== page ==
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The only way of setting the will free is to deliver it from wilful
Hare. St. Augustin says, “We are all nothing other than Wills." And he cites the instance of the good and bad angels, of whom the nature is the same, the will different. Ages of Faith.
The Virtue of Paganism was strength; the Virtue of Christianity is Obedience.
Hare. The Scripture, and the Faith and the Truth say, Sin is naught else, but that the creature turneth away from the unchangeable Good, and betaketh itself to the changeable ; that is to say, that it turneth away from the Perfect, to “that which is in part” imperfect, and most often to itself. Now mark: when the creature claimeth for its own anything good, such as Substance, Life, Knowledge, Power, and, in short, whatever we should call good, as if it were that, or possessed that, or that were itself, or that proceeded from it, as often as this cometh to pass, the creature goeth astray. What did the devil do else, or what was his going astray and his fall else, but that he claimed for himself to be also somewhat, and would have it that somewhat was his, and somewhat was due to him? This setting up of a claim, and his I, and Me, and Mine, these were his going astray, and his fall, and thus it is to this day.
What else did Adam do but this same thing. It is said it was because Adam ate the apple that he was lost, or fell. I say, it was because of his claiming something for his own, and because of his I, Mine, Me, and the like. Had he eaten seven apples, and yet never claimed anything for his own, he would not have fallen ; but as soon as he called something his own, he fell, and would have fallen had he never touched an apple. Theologia Germanica.
Simplicity is an uprightness of soul that has no reference to itself; it is different from sincerity, and it is a still higher virtue. We see many people who are sincere without being simple; they only wish to pass for what they are, and they are unwilling to appear what they are not; they are always thinking of themselves, measuring their words, and recalling their thoughts, and reviewing their actions, from the fear that they have done too much or too little. These persons are sincere, but they are not simple; they are not at ease with others, and others are not at ease with them ; they are not free, ingenuous, natural; we prefer people who are less correct, less perfect, and who are less artificial. This is the deci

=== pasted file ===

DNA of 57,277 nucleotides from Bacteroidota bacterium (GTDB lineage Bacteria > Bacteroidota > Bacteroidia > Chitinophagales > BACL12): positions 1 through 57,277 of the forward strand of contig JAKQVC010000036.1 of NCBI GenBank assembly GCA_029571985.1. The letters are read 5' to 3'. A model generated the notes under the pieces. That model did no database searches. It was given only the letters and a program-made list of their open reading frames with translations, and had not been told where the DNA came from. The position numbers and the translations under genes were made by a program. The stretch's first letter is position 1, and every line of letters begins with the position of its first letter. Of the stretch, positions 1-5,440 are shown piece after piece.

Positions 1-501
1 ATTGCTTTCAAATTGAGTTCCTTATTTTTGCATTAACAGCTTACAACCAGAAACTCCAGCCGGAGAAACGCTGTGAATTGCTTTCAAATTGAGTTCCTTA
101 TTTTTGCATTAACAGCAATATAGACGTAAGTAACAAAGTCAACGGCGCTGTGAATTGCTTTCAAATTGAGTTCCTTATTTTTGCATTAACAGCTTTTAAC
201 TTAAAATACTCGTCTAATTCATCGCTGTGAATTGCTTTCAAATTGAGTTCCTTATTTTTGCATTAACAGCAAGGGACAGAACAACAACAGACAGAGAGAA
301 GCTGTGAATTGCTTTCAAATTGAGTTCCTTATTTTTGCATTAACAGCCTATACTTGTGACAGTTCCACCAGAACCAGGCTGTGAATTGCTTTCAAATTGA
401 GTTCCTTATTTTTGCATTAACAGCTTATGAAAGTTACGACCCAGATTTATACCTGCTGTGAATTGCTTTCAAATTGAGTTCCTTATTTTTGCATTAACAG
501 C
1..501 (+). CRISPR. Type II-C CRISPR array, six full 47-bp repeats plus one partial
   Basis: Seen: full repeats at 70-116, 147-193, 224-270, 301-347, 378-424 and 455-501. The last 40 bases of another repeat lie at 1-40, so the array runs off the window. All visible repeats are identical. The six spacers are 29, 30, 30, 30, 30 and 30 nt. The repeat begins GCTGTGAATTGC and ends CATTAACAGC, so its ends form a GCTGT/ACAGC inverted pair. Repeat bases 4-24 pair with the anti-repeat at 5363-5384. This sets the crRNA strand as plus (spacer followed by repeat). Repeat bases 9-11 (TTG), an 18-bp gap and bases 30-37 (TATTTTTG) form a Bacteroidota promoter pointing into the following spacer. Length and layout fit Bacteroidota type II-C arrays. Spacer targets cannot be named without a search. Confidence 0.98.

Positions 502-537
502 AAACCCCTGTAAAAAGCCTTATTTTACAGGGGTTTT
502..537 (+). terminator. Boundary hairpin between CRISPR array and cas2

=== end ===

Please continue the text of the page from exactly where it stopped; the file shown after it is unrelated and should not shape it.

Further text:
sion of man, and it is the judgment of God, who would not have us so occupied with ourselves, and thus, as it were, always arranging our features in a mirror.
Fenelon. That heart where I had formerly detected in their secret places so many evil motives, was now, so far as I was enabled to perceive, made pure. Whenever a “self-reflective" thought was present to my mind, — that is to say, a thought reflective upon any subject in its relation to my personal interests, in its relation to self — in the selfish sense, it was instantly rejected ; and a curtain, as if by some ever-present but invisible hand, was drawn in the soul before it. I no longer felt myself obliged to say that, “when I would do good, evil was present with me!” Doing good was now my nature.
Upham's Life of Madame Guyon. A king said to a holy man, “ Are you ever thinking of me?" “Yes,” said he, “at such times as I am forgetting God Almighty."